You shouldn’t work more than these number of hours each week

Latest Update: May 11, 2016 | 80 Views

Research shows that working more than 40 hours a week can be devastating for your health.

Independent researchers and various organisations have shared results of studies that looked at the physical, mental, emotional and social effects of employees working beyond the standard 40 hours a week.

The study finds that working more than 10 hours a day is associated with a 60 per cent increase in risk of cardiovascular issues caused by stress and that hormonal balances created through stress can raise cortisol, which can disrupt sleep, appetite, blood pressure, immune system function, memory/cognition, mood, and more.

As far as mental health is concerned, individuals working 11 hours or more of overtime are at a high risk of suffering from depression and 10 per cent of those working 50 to 60 hours report relationship problems; the rate increases to 30 per cent for those working more than 60 hours.

Working more than 40 hours a week is also associated with increased alcohol and tobacco consumption, as well as unhealthy weight gain in men and depression in women.

Data from companies with high overtime showed that 54 per cent of their workforce had absentee rates higher than 9 per cent.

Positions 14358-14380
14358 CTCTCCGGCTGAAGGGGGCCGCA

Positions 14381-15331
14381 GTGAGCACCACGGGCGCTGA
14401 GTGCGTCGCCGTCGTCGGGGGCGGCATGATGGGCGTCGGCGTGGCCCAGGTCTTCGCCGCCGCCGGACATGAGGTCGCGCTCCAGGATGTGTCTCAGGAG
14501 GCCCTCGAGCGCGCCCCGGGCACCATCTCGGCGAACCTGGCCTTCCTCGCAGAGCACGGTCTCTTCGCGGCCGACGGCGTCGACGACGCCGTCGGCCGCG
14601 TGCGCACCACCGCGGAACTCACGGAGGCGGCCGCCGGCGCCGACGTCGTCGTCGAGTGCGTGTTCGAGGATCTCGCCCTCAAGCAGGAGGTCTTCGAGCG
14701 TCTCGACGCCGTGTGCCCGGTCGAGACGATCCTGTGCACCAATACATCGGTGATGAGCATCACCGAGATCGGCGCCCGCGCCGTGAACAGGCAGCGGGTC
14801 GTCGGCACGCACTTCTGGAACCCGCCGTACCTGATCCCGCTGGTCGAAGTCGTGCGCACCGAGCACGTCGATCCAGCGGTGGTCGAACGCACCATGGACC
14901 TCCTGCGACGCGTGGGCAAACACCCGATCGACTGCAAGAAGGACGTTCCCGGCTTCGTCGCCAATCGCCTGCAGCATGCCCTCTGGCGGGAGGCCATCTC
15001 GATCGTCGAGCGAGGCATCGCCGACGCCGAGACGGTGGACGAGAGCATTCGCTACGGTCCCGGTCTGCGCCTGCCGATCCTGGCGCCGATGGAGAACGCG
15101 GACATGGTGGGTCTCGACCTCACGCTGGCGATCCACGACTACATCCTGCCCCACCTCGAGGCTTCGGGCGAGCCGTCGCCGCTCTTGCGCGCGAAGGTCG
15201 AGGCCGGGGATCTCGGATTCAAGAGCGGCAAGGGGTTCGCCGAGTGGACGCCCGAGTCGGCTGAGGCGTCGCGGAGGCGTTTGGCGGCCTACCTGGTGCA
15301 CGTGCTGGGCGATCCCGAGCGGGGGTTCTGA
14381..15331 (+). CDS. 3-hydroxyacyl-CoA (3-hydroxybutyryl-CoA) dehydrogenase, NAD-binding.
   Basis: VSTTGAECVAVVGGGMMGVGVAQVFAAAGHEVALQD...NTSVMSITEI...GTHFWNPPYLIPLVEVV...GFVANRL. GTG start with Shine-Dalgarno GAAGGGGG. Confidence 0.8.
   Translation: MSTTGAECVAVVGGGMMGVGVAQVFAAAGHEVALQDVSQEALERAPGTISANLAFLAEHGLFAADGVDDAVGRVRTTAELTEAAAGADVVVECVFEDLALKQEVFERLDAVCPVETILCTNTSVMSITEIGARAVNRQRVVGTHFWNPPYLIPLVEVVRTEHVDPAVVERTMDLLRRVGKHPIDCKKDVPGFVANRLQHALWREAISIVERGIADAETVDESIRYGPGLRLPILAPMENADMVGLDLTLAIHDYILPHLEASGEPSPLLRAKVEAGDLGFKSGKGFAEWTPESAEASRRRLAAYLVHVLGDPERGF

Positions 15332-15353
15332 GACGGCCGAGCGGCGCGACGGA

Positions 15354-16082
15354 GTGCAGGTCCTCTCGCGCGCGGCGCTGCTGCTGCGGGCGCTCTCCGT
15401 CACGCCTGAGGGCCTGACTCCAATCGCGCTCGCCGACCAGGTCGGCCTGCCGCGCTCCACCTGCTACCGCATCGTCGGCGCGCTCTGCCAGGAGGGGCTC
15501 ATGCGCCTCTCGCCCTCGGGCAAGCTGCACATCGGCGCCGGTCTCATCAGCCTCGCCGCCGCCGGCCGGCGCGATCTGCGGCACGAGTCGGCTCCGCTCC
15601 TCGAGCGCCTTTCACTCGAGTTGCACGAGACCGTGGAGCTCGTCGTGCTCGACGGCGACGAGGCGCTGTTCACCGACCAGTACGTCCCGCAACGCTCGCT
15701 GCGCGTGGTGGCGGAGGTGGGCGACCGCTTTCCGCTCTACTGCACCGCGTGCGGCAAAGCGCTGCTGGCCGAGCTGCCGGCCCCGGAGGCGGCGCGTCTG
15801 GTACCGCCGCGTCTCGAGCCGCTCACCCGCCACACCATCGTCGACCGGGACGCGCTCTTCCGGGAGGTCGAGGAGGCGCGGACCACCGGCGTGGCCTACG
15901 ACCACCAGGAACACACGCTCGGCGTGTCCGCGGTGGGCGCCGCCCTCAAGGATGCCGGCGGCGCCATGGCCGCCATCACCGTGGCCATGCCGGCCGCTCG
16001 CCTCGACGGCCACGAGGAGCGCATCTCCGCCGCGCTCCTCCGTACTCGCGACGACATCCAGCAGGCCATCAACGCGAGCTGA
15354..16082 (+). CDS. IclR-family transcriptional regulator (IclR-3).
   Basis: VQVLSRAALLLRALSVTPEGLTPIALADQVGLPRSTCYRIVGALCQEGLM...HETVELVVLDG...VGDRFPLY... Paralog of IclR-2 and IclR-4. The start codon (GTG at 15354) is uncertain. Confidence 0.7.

The risk of injuries is also higher for those working longer hours. Working for 60 hours per week can lead to a 23 per cent higher injury hazard rate.

In companies with an 8.7 per cent overtime rate, researchers found no fatigue-related problems. When the overtime rate was 12.4 per cent, however, signs of fatigue-related problems were present, but remained minor. At 54 per cent overtime, fatigue-related problems were severe.

Working for long hours not only has a negative impact on employee health, but also on productivity, which means that it is not beneficial for companies to have long working days.

People working in manufacturing industries are likely to show a 2.4 per cent decrease in productivity with a 10 per cent increase in overtime, while for employees in white collar jobs, productivity decline reached as much as 25 per cent when workers put in 60 hours or more.


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